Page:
“If an electrician doesn’t understand how it hooks up at the junction box or underneath the cabinet, they don’t understand how much power the building is actually going to need,” Tim Palmer, territory manager for A-dec, says. “When you get a contractor who’s not familiar with dental offices—especially one you’re related to—they don’t have these dental subcontractors, whether it be an electrician, a plumber, [or another professional]. Then when they come in, they end up underbidding the project to begin with because they didn’t really understand the scope of it.”
Not only does the cost of the project itself go up, but a domino effect follows. If the project winds up taking longer than planned, rent may be due before money starts rolling in. “You’re now paying for a dental office where you’re not able to produce any dentistry,” Palmer says. “And that’s why it’s really important to choose a good contractor. [Otherwise,] it ends up costing more because they just don’t know what they don’t know.”
In new construction, Palmer often sees dentists eager to build the entire practice even before a need exists. That is, they may decide to construct all the practice’s operatories, but to ensure they can afford the project, they wind up buying cheaper equipment.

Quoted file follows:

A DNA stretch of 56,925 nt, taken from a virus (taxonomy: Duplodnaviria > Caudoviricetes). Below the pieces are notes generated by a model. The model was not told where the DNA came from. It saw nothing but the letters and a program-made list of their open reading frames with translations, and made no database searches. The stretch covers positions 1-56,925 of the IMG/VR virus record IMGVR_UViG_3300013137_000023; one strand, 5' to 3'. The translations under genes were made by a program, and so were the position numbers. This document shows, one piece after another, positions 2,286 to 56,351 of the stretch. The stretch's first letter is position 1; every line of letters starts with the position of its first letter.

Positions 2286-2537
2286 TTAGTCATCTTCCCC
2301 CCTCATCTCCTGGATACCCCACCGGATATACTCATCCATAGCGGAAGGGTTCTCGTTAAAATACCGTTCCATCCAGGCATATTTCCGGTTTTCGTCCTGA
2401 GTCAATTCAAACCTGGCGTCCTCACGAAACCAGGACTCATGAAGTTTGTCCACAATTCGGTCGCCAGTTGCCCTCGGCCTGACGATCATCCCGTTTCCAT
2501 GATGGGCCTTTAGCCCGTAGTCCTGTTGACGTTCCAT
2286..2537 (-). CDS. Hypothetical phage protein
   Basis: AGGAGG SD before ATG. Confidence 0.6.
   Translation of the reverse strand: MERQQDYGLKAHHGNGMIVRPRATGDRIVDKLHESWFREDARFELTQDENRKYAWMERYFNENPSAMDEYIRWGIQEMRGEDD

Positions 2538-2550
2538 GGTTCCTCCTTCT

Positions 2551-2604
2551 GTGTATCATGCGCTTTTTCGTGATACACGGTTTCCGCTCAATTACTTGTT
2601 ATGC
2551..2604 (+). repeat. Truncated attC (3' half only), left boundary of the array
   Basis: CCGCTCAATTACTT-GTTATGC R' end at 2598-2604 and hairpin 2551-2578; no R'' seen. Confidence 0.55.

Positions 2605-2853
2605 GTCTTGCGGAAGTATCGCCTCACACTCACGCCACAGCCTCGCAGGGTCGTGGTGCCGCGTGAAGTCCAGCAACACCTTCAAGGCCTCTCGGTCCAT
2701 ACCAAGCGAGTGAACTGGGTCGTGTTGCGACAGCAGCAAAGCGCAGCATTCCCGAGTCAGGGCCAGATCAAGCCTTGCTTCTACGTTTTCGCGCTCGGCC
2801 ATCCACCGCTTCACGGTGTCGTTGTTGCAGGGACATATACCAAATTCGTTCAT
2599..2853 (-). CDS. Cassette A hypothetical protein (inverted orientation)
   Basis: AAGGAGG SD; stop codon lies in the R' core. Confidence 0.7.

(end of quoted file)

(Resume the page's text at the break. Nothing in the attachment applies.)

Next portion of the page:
“They’ll go to less costly equipment, and it will have maintenance almost immediately,” Palmer observes. “When they go to the lower-end lines of equipment, after about five years, they’ll end up replacing that equipment already. That’s a lot of money to eat. It seems like you’ve saved a lot of money in the beginning because you’ve got all five rooms for the same price.”
Given that scenario, Palmer recommends working in phases. “We normally tell them to do a scale,” he says. “Start with three treatment rooms. It’s not just the longevity of the equipment that affects the dentists; it’s also the usability or the functionality of the equipment. When you go to a lower-end range of equipment, it typically doesn’t have a lot of the features that [dentists] may want.”
When equipment does have an issue, manufacturers often send representatives to the offices to see how handpieces are maintained. This is to ensure practices are following manufacturer guidelines on proper care and upkeep.
“The KaVo rep goes to the office and just observes the maintenance procedure,” Rivera says. “One of the things that we see over and over again is a lack of proper lubrication and purging of the handpiece. During the reprocessing portion, after you treat a patient, you put the handpiece through reprocessing that involves disinfection. Now you have excessive oil in the handpiece that can potentially get into the patient’s mouth. It’s not only expelling excess oil from that handpiece but also removing any debris and buildup that’s potentially inside.”